I have heard a lot about agave nectar, and have a friend who makes delicious breakfast bars with it as a sweetener. I believe it is used to replace honey, and has a lower glycemic index. I was wondering whether you have used this sweetener, and also if you could explain your use of honey along with molasses: what does one offer that the other does not?
I love this question because I get to give you my opinion. I love giving an opinion! It's probably a big reason why I blog. 🙂
But first.. Let's start with the facts. Here's a little chart of basic nutrition information for a ½ cup of each sweetener. I added maple syrup and sugar in there just for comparisons.
|Honey||Molasses||Maple Syup||Agave Nectar||White Sugar|
|Estimated Glycemic Load||85||77||63||77||70|
|Vitamins||Honey||Molasses||Maple Syup||Agave Nectar||White Sugar|
|Choline||3.7 mg||22.4 mg||2.6 mg||?||0%|
|Minerals||Honey||Molasses||Maple Syup||Agave Nectar||White Sugar|
|Fluoride||11.9 mcg||0||0||?||1 mcg|
*Full nutrition information not verified for agave nectar but some sources say vitamin and mineral content is negligible.
Now onto my opinion.
As you know I try to limit my use of white sugar. Just look at that table. It offers me nothing and frankly, I'm just not into empty calories. I do keep sugar on hand but I normally buy the sugar in the raw or organic evaporated cane juice as both of them are less processed and don't have everything stripped out.
You may notice plain old sugar actually has LESS calories per half cup than all of the other sweeteners. For the dieter this may seem like a benefit but actually honey and agave are both sweeter than sugar so you need to use less. Comparing molasses and maple syrup really isn't fair as they have a much more complex taste.
Agave nectar is an interesting option and I've notice there is a lot controversy about it. Food Renegade has an interesting articled called Agave Nectar: Good or Bad? that goes into a lot of detail. I don't think Agave is the end all be all sweetener that some make it out to be but I do like that you need less of it than sugar (I believe is 1.4 x sweeter.) I tend to think of it as honey-like without the honey flavor. It's simply just sweet. I use it now and then but don't currently have it in my pantry. I asked my favorite RD, Dave Grotto, as I couldn't find much detail about the vitamin and mineral content of agave nectar and here's what he had to say...
"The micronutrient content of agave nectar is barely worth mentioning. Agave does contain cancer fighting saponins & inulin though."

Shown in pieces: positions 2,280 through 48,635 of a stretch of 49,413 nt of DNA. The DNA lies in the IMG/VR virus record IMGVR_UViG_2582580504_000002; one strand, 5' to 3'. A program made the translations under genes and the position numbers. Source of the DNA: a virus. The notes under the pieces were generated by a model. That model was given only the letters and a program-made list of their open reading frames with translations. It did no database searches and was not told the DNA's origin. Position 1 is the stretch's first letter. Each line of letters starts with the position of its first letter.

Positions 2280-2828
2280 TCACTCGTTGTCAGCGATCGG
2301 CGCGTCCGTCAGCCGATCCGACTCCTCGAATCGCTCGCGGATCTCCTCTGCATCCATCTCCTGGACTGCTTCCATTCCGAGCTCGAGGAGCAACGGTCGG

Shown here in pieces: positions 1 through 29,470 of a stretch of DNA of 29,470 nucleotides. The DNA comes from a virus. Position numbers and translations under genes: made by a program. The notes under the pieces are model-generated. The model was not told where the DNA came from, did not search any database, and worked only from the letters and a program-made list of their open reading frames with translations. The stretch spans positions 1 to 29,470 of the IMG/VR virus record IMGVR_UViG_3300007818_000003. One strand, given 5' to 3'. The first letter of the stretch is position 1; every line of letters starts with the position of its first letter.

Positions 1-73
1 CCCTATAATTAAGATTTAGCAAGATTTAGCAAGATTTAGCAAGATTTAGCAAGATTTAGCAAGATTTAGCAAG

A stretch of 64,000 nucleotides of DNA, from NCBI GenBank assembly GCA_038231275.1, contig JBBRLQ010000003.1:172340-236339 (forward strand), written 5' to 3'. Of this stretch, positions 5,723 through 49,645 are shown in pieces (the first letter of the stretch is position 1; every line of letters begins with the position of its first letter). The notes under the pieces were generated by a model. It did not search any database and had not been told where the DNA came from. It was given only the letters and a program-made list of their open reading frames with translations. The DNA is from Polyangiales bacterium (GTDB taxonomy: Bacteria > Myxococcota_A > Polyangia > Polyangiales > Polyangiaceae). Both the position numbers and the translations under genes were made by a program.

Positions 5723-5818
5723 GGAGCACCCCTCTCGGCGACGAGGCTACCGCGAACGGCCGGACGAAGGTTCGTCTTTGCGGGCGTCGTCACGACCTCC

So maybe it offers a bit more then just plain old table sugar. I can't be sure.
As for me, depending on the recipe I normally use a combination of honey and molasses as it ads a complex sweetness without needing too much. In addition, both honey and molasses are shown to have additional health benefits and as you can see from the chart, they offer something besides calories and sweetness.
Molasses is probably my favorite but it adds such a strong flavor you can't use it as an all purpose sweetener. You can almost think of it as concentrated liquid brown sugar. Alone it's not all that great but used in a recipe it's adds a deep, dark, sweetness. It's also the one sweetener that contains the most vitamins and minerals. According to WHFoods.com,
"Blackstrap molasses is a sweetener that is actually good for you. Unlike refined white sugar and corn syrup, which are stripped of virtually all nutrients except simple carbohydrates, or artificial sweeteners like saccharine or aspartame, which not only provide no useful nutrients but have been shown to cause health problems in sensitive individuals, blackstrap molasses is a healthful sweetener that contains significant amounts of a variety of minerals that promote your health."
Honey is normally my sweetener of choice when molasses will be too strong. I've grown to love the dimension it adds and I generally find a little goes a long way. I try to find minimally processed honey as I think most of what is sold in stores has been processed to death and any health benefit it has been lost. I still use store bought but I try to pick up different honey varieties when I'm at farmers markets and natural food stores.
Maple syrup is also another option I tend to forget about as I'm not the biggest maple fan. I don't hate it but I'm not nuts about it either. However, it can add and interesting taste and sweetness to particular desserts and baked goods just like molasses and honey. I will only buy 100% pure maple syrup as everything else sold in stores is really flavored corn syrup.
You'll notice I didn't even touch the artificial stuff in this post. I'm not ant-artificial. I actually have a bag of splenda in my pantry as I write this. Then again, it's been in there for 3 years so that may give you insight into how much I actually use it. Honestly, once I had kids (I can say kidS now, can't I?) I decided to limit artificial stuff more and more. I'd rather my little man have real sugar then splenda any day. He's not watching his figure or reducing his calories and I pay attention to how much he's getting so we don't go overboard.
There is also the stevia option now which I'd prefer to use over splenda, aspertame and saccharine but if I can sweeten with honey, molasses or maple syrup I'd rather go that route. It's just a personal preference and it helps me have fun and get creative in the kitchen. In a weird way I look at sugar and splenda as taking the easy way out. I'm strange, I know. 😉
Thoughts on sweetener options? What's your sweetener of choice?